I don’t know what that means but it sounded and was delicious (I could pronounce it too). Any type of Merlot will work, but I’m glad I took his advice. If you’re a wine drinker get ready to get giddy because Ian and his former college friends started a company called Pour Generously where fighting pediatric cancer and buying wine comes hand in hand. Generous is an understatement here. Their crowd sourcing Indiegogo Wine Campaign is happening NOW and all they are asking for is your support. Proceeds benefit pediatric cancer research and if successful, they will be able to offer the same support to charities all over the country – and ship you some bangin’ bottles of wine. So really, all you have to do is enjoy a nice bottle of wine. And make short ribs. And save lives. Click here for their heart touching video explaining it all.
THE OTHER YUMS
Before adding in the wine, I wanted to give the onions and carrots a little color by sauteing them in the rendered fat from searing the ribs. The wine is added, reduced, then the remaining braising liquid (I used beef stock) is added with garlic cloves and herbs. I add whatever fresh herbs I have on hand (def. rosemary and thyme) and like 5 smashed cloves of garlic. The third best thing in life is red wine braised garlic. The second? Short ribs. The first? Pour Generously.
After a couple hours braising in the oven, your house will smell of a pot roast heaven. If there’s pot roast in heaven, it’s this one. Below are a few key points to keep in mind before and after cooking. Enjoy and drink up!
- My first trial I added 2 T. of tomato paste before deglazing with wine. It didn’t really affect the taste but did give the au jus a pop of red color (as you see in the picture with the bread). I left it out of the recipe because eh.
- After braising a few hours, the au jus from the bone-in short ribs REALLY thickened itself up because of the gelatin in the bones. Since I prefer using boneless, I made a roux (3 T. flour, 2 T. butter) just in case I wanted to thicken them up manually. I ended up not even using it because my family’s a bunch of vultures, but you always have that option. See this post HERE for a detailed how-to-make-a-roux-recipe.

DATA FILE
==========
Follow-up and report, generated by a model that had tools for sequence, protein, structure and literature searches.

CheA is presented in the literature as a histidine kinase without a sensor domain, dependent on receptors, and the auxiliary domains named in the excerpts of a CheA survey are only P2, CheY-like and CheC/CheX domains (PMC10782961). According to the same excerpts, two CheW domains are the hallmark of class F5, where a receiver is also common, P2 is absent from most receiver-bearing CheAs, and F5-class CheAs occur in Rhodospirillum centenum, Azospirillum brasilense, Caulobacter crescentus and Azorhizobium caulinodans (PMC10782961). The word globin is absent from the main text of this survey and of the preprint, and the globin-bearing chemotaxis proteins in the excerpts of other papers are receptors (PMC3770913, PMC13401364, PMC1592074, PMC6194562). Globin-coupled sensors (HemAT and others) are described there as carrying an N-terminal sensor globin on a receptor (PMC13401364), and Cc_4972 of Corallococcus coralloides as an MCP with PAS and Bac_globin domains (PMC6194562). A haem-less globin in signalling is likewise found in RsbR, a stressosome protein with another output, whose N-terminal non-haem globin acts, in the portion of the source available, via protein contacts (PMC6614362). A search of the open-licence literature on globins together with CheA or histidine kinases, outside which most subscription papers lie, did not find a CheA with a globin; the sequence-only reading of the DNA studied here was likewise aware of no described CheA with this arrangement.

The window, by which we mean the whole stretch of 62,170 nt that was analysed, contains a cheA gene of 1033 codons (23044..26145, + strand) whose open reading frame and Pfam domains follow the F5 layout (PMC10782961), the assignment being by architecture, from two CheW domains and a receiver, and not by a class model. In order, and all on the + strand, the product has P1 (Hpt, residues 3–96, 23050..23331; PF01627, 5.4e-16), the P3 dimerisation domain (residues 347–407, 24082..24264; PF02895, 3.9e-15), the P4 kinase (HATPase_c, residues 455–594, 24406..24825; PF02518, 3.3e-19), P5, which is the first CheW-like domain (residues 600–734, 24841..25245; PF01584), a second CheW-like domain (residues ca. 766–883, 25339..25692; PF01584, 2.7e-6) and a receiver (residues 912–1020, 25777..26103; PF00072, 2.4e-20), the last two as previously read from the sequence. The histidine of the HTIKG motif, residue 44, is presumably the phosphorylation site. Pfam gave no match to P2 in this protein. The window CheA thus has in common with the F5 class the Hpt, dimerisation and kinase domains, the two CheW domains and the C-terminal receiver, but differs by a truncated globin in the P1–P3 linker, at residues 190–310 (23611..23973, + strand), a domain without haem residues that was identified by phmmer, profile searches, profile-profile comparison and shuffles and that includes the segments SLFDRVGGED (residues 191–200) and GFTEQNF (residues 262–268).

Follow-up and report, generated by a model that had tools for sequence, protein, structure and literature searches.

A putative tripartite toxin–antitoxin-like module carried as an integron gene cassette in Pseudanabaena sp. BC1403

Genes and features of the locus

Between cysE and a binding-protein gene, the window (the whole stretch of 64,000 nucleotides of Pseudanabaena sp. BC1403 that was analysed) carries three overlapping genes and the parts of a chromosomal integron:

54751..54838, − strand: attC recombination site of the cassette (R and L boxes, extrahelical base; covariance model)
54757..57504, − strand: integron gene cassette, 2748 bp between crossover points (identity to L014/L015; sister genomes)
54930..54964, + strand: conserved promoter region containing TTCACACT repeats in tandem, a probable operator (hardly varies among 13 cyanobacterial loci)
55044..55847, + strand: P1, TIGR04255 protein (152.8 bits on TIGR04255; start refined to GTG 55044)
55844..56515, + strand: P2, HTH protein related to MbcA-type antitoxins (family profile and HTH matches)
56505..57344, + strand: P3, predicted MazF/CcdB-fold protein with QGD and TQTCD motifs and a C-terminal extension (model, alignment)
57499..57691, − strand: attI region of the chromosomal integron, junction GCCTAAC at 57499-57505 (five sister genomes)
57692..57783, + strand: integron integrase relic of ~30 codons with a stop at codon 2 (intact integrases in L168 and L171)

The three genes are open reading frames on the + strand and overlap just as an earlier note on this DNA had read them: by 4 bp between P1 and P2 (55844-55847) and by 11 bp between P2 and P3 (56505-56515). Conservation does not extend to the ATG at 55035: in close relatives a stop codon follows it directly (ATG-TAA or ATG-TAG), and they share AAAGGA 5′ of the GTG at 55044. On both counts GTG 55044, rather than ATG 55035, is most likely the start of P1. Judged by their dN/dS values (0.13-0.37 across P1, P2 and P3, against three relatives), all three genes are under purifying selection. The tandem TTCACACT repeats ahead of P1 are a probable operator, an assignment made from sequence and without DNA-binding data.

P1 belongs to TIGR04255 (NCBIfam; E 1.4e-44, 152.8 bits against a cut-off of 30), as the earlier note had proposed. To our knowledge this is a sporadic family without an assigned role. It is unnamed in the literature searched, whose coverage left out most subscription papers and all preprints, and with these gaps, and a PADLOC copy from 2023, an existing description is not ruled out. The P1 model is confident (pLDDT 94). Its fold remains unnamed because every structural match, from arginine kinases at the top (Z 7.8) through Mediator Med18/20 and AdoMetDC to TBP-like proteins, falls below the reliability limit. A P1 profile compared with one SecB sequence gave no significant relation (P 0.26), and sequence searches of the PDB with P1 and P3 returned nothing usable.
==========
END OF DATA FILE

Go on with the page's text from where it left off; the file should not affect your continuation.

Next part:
- Since we are braising for a few hours in the oven, you don’t want the carrots and onions to be chopped too small or else they will disappear. I recommend a good large dice or 1″ chop.
- Au jus basically means the cooking juices in case I confused you.
NOTE: The nutrition information is completely wrong and I am working on getting it fixed, but one short rib is about 400 calories – which is why dad will not have these tomorrow or the next day or every day (the nutritional info isn’t showing individual English cut short ribs which are what you’ll find at the store).
- 8 beef short ribs individually cut (bone-in or boneless)
- kosher salt and pepper as needed, see notes below*
- olive oil as needed
- 1 onion - chopped into 1" pieces
- 3 carrots - peeled, chopped into 1" pieces
- 2 c. red wine, preferably Merlot
- 2 c. beef stock, low-sodium
- 5 garlic cloves - smashed
- 2 sprigs thyme
- 1 sprig rosemary
- 3 parsley stems (optional)
- Preheat the oven to 350
- Add the oil to dutch oven and heat over medium high heat. Season each short rib generously with salt and pepper or seasoning of choice.
- Once hot (splash a tee bit of water and if it sizzles it is ready), sear 4 short ribs at a time on all sides until nice and brown. The short ribs will pull itself from the pot when ready to flip. This will take total 15ish minutes.
- Remove the short ribs and set aside. Lower the heat to medium and add the onion and carrot. Saute 2-3 minutes until slightly colored. Add the red wine and bring to a boil. Allow the wine to reduce by half, about 5 minutes (use the markers on the side of the pot as a guideline to when half the wine is gone).
- Add the short ribs back to the pot along with the stock, herbs,and garlic. The liquid should be covering 75% of the meat.
- Cover and place in the oven for 1.5 hours. Uncover and cook for an additional thirty minutes.
- The short ribs will be fall apart tender when ready. If you feel necessary to thicken the juices, strain (catching the juice), add back to the pot, and thicken with a roux (see post for details).
- Enjoy over a potato and parsnip mash, polenta, or with some fresh sandwich bread.
- You can also season the beef with Montreal steak seasoning, garlic salt, pink salt, or a smoky salt before searing.
- If you can't find individually cut short ribs, have your butcher cut them!
- As the wine boils the water contents release (by steam) which concentrates the wine and further enhances the flavor.
- If you're making without the bone, read the post regarding thickening the au jus. If you're making with the bone, you will have a naturally thickened silky sauce.
- The nutrition information is completely wrong and I am working on getting it fixed, but one short rib is about 400 calories - which is why dad will not have these tomorrow or the next day or every day.